‘Coeur de Bœuf (Buffalo Heart)’

Tomatoes / Tomates / Ντομάτες


Common Name: Tomatoes / Tomates / Ντομάτες

Scientific Name: Lycopersicon esculentum


Plant’s cycle: Annual

Light Requirement: full sun

Soil type: Requires a rich well-drained soil. pH: 6.0 – 7.0

Sowing in nursery: February

Direct Planting: March

Germination: 4 to 7 days after sowing ( 20 ºC)

Harvest: 90 – 120 days after sowing

Spacing: 30cm/30cm/1cm deep  


Flower is hermaphrodite (has both male and female organs)

Pollination: self-pollinated; cross-pollination rarely occurs

Plant is self-fertile

Seed preservation: 5 years


Edible Parts: fruits

Medicine: Antirheumatic;  Cardiac;  Homeopathy;  Odontalgic;  Skin


The pulped fruit is an extremely beneficial skin-wash for people with oily skin. Sliced fruits are a quick and easy first aid treatment for burns, scalds and sunburn. A decoction of the root is ingested in the treatment of toothache. The skin of tomato fruits is a good source of lycopine, a substance that has been shown to protect people from heart attacks. It seems to be more effective when it is cooked and so can be obtained from food products such as tomato ketchup and tinned tomatoes. Lycopine has also been shown to have a very beneficial effect upon the prostate and is being used increasingly to treat enlarge prostate and the difficulties in urination that accompany this disorder. A homeopathic remedy is made from the plant. It is used in the treatment of rheumatism and severe headaches.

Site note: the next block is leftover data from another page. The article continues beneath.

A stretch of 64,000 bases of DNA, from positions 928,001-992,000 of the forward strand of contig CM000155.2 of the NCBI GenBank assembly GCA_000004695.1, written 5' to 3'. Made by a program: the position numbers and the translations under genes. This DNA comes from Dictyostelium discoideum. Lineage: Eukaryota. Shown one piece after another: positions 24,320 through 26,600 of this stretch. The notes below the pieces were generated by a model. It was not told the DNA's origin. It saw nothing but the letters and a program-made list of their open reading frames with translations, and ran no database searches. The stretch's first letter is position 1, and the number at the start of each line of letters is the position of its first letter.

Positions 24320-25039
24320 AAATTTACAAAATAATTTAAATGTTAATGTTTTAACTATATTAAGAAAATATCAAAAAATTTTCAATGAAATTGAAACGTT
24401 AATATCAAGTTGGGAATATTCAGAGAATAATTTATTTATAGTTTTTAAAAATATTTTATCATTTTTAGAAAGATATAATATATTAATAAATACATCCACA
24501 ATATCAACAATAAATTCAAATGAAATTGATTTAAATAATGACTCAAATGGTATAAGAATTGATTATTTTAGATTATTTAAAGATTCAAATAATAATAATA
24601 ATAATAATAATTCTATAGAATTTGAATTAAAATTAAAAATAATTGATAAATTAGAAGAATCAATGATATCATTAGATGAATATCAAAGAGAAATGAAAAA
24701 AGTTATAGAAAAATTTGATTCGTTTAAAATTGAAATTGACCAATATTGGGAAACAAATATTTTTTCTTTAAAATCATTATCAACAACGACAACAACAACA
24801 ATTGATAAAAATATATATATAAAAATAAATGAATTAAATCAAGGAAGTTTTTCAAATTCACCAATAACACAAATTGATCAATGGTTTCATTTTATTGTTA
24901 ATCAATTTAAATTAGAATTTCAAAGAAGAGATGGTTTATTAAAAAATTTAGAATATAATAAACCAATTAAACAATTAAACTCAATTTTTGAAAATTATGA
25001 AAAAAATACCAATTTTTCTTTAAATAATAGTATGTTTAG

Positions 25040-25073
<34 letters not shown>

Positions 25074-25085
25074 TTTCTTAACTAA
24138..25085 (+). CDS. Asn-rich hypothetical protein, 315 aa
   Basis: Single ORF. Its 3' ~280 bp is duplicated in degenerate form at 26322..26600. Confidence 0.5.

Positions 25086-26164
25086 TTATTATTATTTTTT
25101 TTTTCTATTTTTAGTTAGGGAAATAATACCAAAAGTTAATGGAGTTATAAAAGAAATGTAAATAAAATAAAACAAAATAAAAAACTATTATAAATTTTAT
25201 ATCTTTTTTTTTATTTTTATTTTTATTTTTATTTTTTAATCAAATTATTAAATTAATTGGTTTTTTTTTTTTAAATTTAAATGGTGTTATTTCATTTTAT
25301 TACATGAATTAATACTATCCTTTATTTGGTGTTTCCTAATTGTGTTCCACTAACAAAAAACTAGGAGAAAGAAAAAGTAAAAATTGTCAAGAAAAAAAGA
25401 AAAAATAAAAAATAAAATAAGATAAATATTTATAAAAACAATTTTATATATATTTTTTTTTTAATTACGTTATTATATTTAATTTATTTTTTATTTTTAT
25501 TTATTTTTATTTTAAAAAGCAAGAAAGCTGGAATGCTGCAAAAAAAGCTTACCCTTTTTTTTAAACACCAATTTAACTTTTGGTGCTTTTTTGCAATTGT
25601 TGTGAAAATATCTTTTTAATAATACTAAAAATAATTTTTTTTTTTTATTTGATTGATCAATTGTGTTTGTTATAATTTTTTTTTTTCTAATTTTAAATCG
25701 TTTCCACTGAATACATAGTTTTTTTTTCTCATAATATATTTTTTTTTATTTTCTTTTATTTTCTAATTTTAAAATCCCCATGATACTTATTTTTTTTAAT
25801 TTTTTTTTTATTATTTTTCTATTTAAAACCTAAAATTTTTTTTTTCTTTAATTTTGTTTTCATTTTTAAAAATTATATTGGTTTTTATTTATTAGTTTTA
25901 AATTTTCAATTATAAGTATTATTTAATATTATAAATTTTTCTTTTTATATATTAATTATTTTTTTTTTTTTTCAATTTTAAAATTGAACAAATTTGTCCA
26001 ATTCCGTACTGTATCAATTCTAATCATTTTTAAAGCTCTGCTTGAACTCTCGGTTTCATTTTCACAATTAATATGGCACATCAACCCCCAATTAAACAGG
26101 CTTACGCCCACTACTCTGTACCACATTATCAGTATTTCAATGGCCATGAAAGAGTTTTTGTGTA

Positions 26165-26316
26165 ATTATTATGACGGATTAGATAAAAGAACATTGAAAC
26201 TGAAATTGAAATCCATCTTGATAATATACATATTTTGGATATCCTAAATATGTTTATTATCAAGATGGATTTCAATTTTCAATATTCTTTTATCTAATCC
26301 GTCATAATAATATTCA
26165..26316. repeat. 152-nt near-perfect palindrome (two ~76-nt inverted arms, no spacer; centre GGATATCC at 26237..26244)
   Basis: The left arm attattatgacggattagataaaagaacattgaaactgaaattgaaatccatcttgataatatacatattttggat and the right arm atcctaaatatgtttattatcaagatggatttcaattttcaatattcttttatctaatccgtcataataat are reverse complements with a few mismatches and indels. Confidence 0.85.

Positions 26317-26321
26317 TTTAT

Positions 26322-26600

Other Uses: Insecticide; Repellent.

A spray made from tomato leaves is an effective but very poisonous insecticide. It is especially effective against ants but should be used with great caution because it will also kill beneficial insects and, if ingested, is toxic to humans.

Known Hazards: All green parts of the plant are poisonous.